Homepage | Archives | Calendar of Events | Exploring Akron | Lawn & Garden | Death Notices | People & Places | The Green Report | Faith & Worship | Get email news alerts | About Us
Lawn & Garden

Ask Dayle

8/7/2014 - West Side Leader
      permalink bookmark

By Dayle Davis

Q: Is it better to divide and transplant coreopsis in the fall or in the spring?

A: Coreopsis, commonly known as tickseed, are hard-working members of the aster family. These are rugged plants with over 100 species available in both perennial and annual varieties. They love sunshine, flower profusely over a long period of time, are generally trouble-free and easy to grow. As an added benefit, butterflies flock to coreopsis.

Most varieties bloom in early summer and repeat bloom periodically into fall. Species plants freely self-seed, although C. ‘Moonbeam’ is a sterile cultivar. Ordinary garden soil is just fine, as long as it is well drained. An overly moist fertile soil will actually cause sprawling and crown rot.

As with most plants, deadhead the spent flowers to encourage more blooms, although it has been said coreopsis don’t know when to stop and will literally bloom themselves to death. Perhaps that is why even though rugged, these plants tend to live no more than three to five years.  When flowering decreases, it may be time to divide or simply scatter seed for new coreopsis.

Divide in spring just as new growth begins. Lift the entire plant and divide it into clumps before replanting. The plants will have the complete warm weather season to establish themselves before winter dormancy. After the first killing frost, cut back plant stems to 1 or 2 inches above the soil line.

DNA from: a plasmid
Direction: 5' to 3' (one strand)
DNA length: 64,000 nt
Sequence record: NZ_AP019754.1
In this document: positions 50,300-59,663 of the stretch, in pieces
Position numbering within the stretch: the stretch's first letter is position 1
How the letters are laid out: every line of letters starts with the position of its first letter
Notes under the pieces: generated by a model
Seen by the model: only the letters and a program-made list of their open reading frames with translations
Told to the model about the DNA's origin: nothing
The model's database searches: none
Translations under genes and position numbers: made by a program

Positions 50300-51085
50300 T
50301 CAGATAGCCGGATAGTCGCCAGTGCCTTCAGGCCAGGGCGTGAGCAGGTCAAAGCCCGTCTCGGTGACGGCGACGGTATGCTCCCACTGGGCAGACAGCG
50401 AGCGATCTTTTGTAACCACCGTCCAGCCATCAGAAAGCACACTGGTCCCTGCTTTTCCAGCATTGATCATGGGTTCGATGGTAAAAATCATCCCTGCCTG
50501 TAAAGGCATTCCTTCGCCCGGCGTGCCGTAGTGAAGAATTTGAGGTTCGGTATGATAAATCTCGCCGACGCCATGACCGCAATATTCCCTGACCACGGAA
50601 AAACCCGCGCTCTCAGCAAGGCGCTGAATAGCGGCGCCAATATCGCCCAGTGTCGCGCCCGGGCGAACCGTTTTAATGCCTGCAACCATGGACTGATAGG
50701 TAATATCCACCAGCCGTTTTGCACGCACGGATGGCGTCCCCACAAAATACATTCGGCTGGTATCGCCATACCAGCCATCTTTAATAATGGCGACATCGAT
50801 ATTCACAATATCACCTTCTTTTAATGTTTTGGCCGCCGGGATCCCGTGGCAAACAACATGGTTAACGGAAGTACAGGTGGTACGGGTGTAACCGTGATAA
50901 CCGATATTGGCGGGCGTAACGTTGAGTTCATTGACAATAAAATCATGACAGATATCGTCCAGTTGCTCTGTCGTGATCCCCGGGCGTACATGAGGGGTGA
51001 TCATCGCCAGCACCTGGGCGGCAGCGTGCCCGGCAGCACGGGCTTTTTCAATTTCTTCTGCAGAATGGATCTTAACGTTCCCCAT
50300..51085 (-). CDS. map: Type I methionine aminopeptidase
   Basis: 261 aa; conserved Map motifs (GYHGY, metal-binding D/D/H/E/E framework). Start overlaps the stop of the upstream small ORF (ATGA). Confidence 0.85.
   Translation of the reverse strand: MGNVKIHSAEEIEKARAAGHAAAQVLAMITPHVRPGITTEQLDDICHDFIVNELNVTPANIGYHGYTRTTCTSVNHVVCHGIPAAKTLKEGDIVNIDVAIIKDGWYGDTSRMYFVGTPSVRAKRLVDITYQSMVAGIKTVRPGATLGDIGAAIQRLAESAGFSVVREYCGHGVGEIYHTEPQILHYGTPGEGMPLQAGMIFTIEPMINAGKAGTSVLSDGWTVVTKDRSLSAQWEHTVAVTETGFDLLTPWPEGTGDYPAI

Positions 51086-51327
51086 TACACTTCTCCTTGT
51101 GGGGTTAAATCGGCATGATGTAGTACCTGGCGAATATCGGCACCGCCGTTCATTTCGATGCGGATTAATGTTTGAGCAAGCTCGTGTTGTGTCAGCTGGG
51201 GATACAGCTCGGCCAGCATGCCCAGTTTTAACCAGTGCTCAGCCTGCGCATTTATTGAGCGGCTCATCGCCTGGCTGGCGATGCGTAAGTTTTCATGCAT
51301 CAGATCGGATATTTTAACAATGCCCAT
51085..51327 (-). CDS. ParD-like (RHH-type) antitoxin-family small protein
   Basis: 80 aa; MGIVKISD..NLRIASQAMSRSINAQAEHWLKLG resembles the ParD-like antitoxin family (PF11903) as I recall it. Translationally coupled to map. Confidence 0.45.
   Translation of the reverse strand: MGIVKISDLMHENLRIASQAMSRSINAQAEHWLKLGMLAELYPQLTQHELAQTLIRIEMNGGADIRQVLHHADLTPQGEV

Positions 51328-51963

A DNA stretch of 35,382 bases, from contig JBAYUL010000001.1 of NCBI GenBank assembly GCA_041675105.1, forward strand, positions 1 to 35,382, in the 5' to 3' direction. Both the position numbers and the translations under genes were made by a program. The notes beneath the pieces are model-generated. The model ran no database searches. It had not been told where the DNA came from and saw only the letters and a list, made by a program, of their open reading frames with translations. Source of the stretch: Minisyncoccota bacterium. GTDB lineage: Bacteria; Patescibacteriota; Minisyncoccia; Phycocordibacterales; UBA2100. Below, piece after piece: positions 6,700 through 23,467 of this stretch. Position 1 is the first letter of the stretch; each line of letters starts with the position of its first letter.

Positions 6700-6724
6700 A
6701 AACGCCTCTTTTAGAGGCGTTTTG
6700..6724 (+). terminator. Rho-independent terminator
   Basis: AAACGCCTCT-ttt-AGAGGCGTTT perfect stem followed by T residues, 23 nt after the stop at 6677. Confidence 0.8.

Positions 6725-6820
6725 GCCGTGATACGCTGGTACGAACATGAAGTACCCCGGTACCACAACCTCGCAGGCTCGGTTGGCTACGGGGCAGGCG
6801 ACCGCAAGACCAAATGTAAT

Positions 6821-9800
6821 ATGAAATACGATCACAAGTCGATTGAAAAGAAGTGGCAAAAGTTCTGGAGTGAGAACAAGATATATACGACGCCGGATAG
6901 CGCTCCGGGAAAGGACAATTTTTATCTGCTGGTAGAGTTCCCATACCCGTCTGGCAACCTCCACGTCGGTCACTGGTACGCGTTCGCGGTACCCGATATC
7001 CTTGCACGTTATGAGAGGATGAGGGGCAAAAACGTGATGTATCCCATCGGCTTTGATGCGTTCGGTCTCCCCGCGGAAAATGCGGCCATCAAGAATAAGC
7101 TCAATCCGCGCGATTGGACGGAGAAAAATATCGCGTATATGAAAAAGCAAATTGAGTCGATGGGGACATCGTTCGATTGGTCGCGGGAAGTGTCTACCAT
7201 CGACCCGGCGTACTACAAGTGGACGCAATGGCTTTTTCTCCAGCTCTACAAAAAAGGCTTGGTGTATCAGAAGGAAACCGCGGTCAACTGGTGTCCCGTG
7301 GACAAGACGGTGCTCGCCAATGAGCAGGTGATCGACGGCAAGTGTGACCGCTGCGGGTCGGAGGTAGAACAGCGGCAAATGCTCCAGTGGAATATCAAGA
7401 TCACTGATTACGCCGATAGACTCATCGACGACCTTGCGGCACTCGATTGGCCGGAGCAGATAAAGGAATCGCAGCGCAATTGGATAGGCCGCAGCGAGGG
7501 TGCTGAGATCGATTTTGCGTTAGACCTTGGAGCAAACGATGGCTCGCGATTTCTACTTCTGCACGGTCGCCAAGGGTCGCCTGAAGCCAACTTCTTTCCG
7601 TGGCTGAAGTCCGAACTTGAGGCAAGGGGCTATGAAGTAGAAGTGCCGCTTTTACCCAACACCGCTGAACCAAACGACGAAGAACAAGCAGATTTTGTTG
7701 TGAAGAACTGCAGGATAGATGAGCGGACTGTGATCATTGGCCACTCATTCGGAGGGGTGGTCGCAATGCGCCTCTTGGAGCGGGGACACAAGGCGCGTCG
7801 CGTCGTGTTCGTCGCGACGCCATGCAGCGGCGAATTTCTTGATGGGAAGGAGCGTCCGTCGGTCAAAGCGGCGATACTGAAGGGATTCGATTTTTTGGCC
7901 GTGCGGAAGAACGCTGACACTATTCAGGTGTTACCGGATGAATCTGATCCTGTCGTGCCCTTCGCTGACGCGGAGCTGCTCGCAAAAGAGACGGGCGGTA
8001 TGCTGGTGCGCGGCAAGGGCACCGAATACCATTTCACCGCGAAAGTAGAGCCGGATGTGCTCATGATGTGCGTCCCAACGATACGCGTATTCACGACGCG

For more information, call The Ohio State University Summit County Extension Hotline Tuesdays from 9 a.m. to noon at 330-928-4769, ext. 3, and request Fact Sheet W-12-2002, “Butterfly Gardens.”

Please note fact sheets are sent out free; there is a fee for bulletins. Many bulletins are available at ohioline.osu.edu and can be printed or accessed at the public library.

Dayle Davis is a freelance writer and avid perennial gardener, with a B.A. in communications and course work in botany, geology and wildflowers. Davis is a master gardener emeritus under The Ohio State University’s Horticultural Extension. Readers can send in questions regarding lawn and garden issues, which could be featured in a future edition, as well as about the OSU Master Gardener program. Questions can be emailed to kcollins@akron.com, faxed to 330-665-9590 or sent to Leader Publications, 3075 Smith Road, Suite 204, Akron, OH 44333. Please do not send any leaves, seeds or other organic material. Inquiries about area garden clubs or groups should be sent directly to the particular organization in question.

      permalink bookmark